The reason why prices tend to have .99 in them, is just due to advertisers exploiting human psychology. We perceive there to be a noticeable difference between something being FIVE hundred and something, rather than SIX hundred and something. Even though it is only 1p less of becoming SIX hundred. Unfortunately, more often than it not, it works - which is why they keep doing it.

 is a RISC OS UserWalks on 6/5/06 2:39PM
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Walks: I seem to recall the origin of things ending in .99 was to force a till operator to actually ring the item through as everything would require them to give the customer change. This may however purely be folklore, and it's now certainly advertisers who benefit from the "For less than £1!" headlines they can write.

 is a RISC OS Usernot_ginger_matt on 6/5/06 2:47PM
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AMS:

"it simply won't make economic sense when compared to the Iyonix Aria Cube."

That seems a strange conclusion. If I'm after a computer which is small & portable, runs RISC OS Select, and I don't need a CDRom, why would I buy a bulky Iyonix which is almost 200 UKP more expensive?

Both machines will suit different users. I don't see why everyone is automatically, and regardless of their needs, better off with an Iyonix.

 is a RISC OS Userfylfot on 6/5/06 2:55PM
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fylfot>Check your prices man.

The Iyonix Aria cube with twice the RAM, twice the harddisk, a built in CD-RW drive (yes it writes as well as reads unlike the A9's), has a faster processor and *can* be expanded unlike the A9 costs 799 (includes vat) as against the A9Home (with optical drive) that cost 698 - how is that a difference of 200 GBP????

Yes if you drop the optical drive from the A9 it is cheaper again - but how do you load software? (Are all software distributors going to put software on Pen Drives just to suit A9 users (and what of their price?)). Will you need to have a second machine to act as a network linked CD just for your A9?

Yes the argument on size is the clincher for A9, but PRICE Isn't - which was my key point which you effectively ignored. For a person wanting to use an A9 realistically as their *sole* machine they'll need an optical drive - then the A9 most certainly would *NOT* be as attractive an option as the Iyonix cube.

 is a RISC OS UserAMS on 6/5/06 3:22PM
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flyfot: Given that RISC OS CDs are usually PC-compatible and most RISC OS users own a PC, if you are only an occasional RISC OS CD user (eg for new software purchases), you can alternatively hook an A9 up to a network (or use a crossover cable to a PC,) and then share a PC's CD/DVD ROM drive. In fact, I did this when I purchased a copy of TechWriter. For regular users or those needing CDs whilst travelling (rather than USB keyrings), the combo drive option makes more sense.

 is a RISC OS Usermd0u80c9 on 6/5/06 3:25PM
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md0u80c9: "most RISC OS users own a PC". Evidence?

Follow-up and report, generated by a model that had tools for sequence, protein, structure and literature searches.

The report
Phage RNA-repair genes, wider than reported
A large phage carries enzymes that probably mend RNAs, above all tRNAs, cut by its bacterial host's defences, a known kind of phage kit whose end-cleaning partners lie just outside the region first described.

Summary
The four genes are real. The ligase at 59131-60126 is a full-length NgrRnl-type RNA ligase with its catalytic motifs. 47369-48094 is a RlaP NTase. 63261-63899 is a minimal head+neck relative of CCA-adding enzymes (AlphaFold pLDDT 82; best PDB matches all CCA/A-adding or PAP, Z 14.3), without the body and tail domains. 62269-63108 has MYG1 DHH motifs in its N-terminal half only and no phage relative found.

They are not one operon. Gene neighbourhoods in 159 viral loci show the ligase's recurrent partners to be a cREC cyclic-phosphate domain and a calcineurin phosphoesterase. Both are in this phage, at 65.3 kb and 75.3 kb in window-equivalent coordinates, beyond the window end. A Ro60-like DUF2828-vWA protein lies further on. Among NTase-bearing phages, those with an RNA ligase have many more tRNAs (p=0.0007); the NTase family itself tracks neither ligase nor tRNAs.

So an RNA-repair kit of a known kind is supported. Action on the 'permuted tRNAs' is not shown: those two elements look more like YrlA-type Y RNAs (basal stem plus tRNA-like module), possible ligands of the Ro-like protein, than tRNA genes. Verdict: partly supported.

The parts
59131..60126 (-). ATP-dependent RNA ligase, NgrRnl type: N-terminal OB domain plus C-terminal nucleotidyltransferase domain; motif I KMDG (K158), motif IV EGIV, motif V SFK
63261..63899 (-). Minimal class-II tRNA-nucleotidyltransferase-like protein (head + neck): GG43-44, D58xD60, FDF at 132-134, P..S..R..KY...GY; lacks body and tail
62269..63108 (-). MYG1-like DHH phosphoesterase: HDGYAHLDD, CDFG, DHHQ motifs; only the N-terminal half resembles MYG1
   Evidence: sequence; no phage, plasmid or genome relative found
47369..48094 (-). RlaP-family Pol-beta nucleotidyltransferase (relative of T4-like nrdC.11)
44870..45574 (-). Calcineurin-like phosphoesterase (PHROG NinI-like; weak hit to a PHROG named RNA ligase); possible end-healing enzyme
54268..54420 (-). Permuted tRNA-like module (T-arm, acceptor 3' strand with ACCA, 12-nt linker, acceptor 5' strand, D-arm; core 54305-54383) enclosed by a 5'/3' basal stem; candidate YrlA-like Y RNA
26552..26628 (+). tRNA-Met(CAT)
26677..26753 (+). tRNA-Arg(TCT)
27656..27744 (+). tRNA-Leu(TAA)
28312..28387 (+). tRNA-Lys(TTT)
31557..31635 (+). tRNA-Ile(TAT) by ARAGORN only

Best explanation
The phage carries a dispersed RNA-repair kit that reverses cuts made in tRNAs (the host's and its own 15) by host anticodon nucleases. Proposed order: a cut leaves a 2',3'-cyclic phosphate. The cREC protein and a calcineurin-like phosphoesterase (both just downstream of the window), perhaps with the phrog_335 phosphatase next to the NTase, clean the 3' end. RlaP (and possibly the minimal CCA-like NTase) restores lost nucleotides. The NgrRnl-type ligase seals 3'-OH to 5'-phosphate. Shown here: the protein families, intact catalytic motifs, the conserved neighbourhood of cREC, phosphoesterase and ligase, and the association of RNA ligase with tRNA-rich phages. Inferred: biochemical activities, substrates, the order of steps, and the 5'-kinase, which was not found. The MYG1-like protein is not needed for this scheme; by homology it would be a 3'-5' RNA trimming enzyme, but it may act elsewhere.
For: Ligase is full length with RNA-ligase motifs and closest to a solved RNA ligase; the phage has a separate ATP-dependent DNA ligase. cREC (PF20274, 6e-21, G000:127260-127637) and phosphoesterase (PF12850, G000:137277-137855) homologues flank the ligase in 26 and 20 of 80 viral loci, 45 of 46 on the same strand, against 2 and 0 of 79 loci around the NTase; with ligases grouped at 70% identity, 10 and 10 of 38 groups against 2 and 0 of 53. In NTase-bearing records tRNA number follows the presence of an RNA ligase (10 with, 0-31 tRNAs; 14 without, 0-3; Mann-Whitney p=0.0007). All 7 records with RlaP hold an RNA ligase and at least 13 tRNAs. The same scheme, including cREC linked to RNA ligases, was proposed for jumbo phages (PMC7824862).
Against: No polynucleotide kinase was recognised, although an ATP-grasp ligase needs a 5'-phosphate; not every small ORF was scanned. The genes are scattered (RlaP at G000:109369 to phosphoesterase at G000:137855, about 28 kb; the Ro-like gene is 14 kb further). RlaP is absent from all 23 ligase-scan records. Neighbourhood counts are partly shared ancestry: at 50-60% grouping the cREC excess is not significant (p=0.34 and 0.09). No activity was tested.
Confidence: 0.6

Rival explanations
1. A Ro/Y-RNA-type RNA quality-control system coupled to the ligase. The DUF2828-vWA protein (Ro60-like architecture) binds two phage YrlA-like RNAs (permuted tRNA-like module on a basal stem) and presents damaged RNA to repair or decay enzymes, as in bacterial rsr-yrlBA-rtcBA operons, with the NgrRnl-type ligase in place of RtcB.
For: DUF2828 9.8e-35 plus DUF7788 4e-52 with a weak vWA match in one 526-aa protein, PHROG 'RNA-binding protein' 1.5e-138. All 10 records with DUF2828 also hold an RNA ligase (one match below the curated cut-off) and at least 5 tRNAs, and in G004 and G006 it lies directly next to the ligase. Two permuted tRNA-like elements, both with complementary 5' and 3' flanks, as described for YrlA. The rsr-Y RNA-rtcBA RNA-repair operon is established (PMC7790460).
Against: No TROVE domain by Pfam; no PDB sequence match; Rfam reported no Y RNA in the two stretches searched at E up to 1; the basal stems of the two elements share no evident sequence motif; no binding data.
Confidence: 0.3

is a RISC OS UserGML on 6/5/06 3:37PM
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But there again the A9 is new and the Iyonix is old with a processor which is soon to be out of production ;-)

 is a RISC OS Usertweety on 6/5/06 3:46PM
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AMS: Unless you can buy an Iyonix Aria cube without a CD-RW drive for less than the list price, the entry level price for the A9 home /is/ nearly two hundred pounds cheaper.

(I have a network, it has 1 DVD writer, 1 DVD reader, 2 CD-RW drives on it; why would I want another one?)

Has anyone actually used the Gigabit Ethernet on the Iyonix as such? I don't see it being particularly common in the PC world (not that I look much).

As for expansion, my RPC has gone from a two-slice to a one-slice over the years as I decided I wasn't actually going to buy any more expansion podules!

 is a RISC OS UserStoppers on 6/5/06 4:12PM
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Stoppers>I specified that a person using an A9Home as their sole machine didn't I. Such a person *would absolutely NEED* a CD-R or other optical drive. So in that instance the difference between the A9 and Iyonix Aria Cube is only around 100 GBP.

Stoppers>"Has anyone actually used the Gigabit Ethernet on the Iyonix as such? I don't see it being particularly common in the PC world"

Yes the Iyonix has a better Interconnect than the A9Home and many PC's - but some PC's do now (and will in future have) Gigabit interconnection. Call it future proofing Iyonix has it A9 doesn't.

Each person has individual needs and that may mean in some circumstances the A9 may represent a better choice than the Iyonix - but in reality in *most* instances on the grounds of modernity, expansion capability and (yes) just being able to DO things the Iyonix is the better choice.

Tweety>"But there again the A9 is new and the Iyonix is old with a processor which is soon to be out of production"